An FBI surveillance team was tasked after University of Idaho murder suspect Brian Kohberger lost his way across the country as he began his journey, according to an author who wrote about the University of Idaho murders. is writing a true crime book about
The feds planned to keep a constant watch on the troubled 28-year-old criminology student as he and his father made the three-day trip from Pullman, Washington, to their family home in Pennsylvania for the holidays.
But they lost the suspect almost as soon as he pulled out of the parking lot of his graduate housing, just 10 miles from where he is suspected of killing four students when he opened fire on a bay on November 13 last year. Rahmana was asleep in the murder, sources told the author. Howard Blum.
That meant that “for several dangerous hours — or longer,” “the prime suspect in a quadruple murder that shocked the nation had seemingly disappeared,” Blum said. Wrote on Airmail.
Blum said law enforcement “shamefully” admitted to the potentially catastrophic slip-up.
“It would be a disaster — not just professionally, but for their own peace of mind,” Blum wrote of the officers’ eagerness to arrest him.
Worse, it meant they saw not only Kohberger, but also his white Hyundai Elantra, which had first made him a suspect when a car matching the description was spotted at 4 a.m. after the murder. She was seen running away from the scene of the murder around 12:00.
“They had already lost it before” the intense cross-country surveillance operation “could have gone on,” Blum wrote.
Complicating the hunt, Kuhberger chose to take an indirect route home, which her 67-year-old father, Michael, would tell a friend seemed to make no sense, Blum said. .
As the FBI team tried to follow, “the mood of panic quickly turned to desperation,” Blum wrote.
“Then they got lucky,” he said, adding that investigators found their suspect again thanks to an automated license plate reader picking up his car in Colorado.
While he said “authorities are keeping the exact details of this screw-up close to the vest,” the Kohbergers didn’t meet again until they were in Loma, Colorado, the report said — where they were from. used to set was about 900 miles and 15 hours away. Close.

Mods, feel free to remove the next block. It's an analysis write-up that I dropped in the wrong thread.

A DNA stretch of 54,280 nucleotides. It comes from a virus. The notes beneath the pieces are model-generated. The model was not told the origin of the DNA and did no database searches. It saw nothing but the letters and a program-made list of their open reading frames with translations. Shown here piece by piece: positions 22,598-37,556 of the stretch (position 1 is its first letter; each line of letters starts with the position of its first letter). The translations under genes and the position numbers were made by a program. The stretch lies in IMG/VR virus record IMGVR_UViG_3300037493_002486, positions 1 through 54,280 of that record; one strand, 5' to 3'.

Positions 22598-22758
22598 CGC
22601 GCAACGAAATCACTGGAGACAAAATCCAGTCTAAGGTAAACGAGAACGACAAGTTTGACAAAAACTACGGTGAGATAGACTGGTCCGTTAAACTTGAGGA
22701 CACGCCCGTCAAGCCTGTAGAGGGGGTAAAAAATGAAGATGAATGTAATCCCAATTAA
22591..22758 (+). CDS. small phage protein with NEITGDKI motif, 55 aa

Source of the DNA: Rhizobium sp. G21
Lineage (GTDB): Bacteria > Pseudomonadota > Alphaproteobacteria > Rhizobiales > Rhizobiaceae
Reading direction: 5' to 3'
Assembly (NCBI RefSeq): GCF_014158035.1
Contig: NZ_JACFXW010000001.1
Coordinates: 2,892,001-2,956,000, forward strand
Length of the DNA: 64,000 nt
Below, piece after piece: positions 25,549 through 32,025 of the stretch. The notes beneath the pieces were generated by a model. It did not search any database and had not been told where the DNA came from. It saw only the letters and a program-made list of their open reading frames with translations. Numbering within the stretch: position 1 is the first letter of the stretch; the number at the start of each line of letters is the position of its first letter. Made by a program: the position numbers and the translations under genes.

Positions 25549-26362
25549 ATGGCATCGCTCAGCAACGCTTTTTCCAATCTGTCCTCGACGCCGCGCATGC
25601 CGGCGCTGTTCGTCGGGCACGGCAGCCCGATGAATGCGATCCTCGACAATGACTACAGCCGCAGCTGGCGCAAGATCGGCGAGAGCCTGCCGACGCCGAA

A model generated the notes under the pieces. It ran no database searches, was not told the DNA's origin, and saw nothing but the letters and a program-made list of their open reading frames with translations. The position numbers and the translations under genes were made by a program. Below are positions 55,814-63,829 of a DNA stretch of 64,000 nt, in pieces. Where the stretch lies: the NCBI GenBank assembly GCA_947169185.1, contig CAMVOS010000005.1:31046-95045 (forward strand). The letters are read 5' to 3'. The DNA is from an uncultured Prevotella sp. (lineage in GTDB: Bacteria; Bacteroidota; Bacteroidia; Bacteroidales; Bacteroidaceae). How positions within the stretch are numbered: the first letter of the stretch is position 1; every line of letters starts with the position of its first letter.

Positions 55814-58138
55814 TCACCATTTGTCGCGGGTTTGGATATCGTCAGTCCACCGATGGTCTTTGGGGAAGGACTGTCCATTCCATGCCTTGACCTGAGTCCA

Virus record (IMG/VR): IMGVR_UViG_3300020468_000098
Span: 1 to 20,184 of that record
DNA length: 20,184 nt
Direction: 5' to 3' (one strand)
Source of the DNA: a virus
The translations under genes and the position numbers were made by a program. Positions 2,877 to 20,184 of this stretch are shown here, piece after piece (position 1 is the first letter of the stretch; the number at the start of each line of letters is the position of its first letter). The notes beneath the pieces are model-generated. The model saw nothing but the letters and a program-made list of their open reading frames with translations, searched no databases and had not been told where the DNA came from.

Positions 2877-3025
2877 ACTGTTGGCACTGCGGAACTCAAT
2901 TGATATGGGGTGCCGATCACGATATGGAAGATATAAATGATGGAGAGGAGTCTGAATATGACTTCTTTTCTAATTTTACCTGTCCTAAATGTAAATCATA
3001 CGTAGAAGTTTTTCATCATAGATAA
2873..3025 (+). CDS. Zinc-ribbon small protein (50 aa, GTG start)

Once back on the trail, the surveillance squad feared an even bigger disaster in Indiana when the Kohburgers were caught twice by local cops.
Previous reports suggested the stops may have been at the behest of the feds, but Blum’s sources maintained it was unrelated and left the agents “frustrated” and “angry.”
“The chances were very dangerous,” he wrote of the fear that local police would recognize the car from the appeals and arrest the suspect too quickly — or that he might be armed or fleeing arrest. Is.
Instead, officers caught up and didn’t let the Kohburgers go — allowing agents to eventually follow them to their home in the Pocono Mountains, where officers busted him after obtaining damaging DNA evidence. .
Kohberger’s father had driven home from his home in Washington to join his son on the long car ride home for the holidays. He is not a suspect in any of the alleged crimes.
Kohberger has since been extradited to Idaho, where he was formally charged with the murders of 21-year-old Kelly Goncalves, 21-year-old Madison Maughan, 20-year-old Zana Kurnodel and 20-year-old Ethan Chapin.
Kohber is being held at a prison in Moscow, Idaho. He has yet to enter a plea in the case, and won’t until his next court date in June. He has previously indicated through his lawyers that he plans to plead not guilty and is “anxious to receive a pardon.”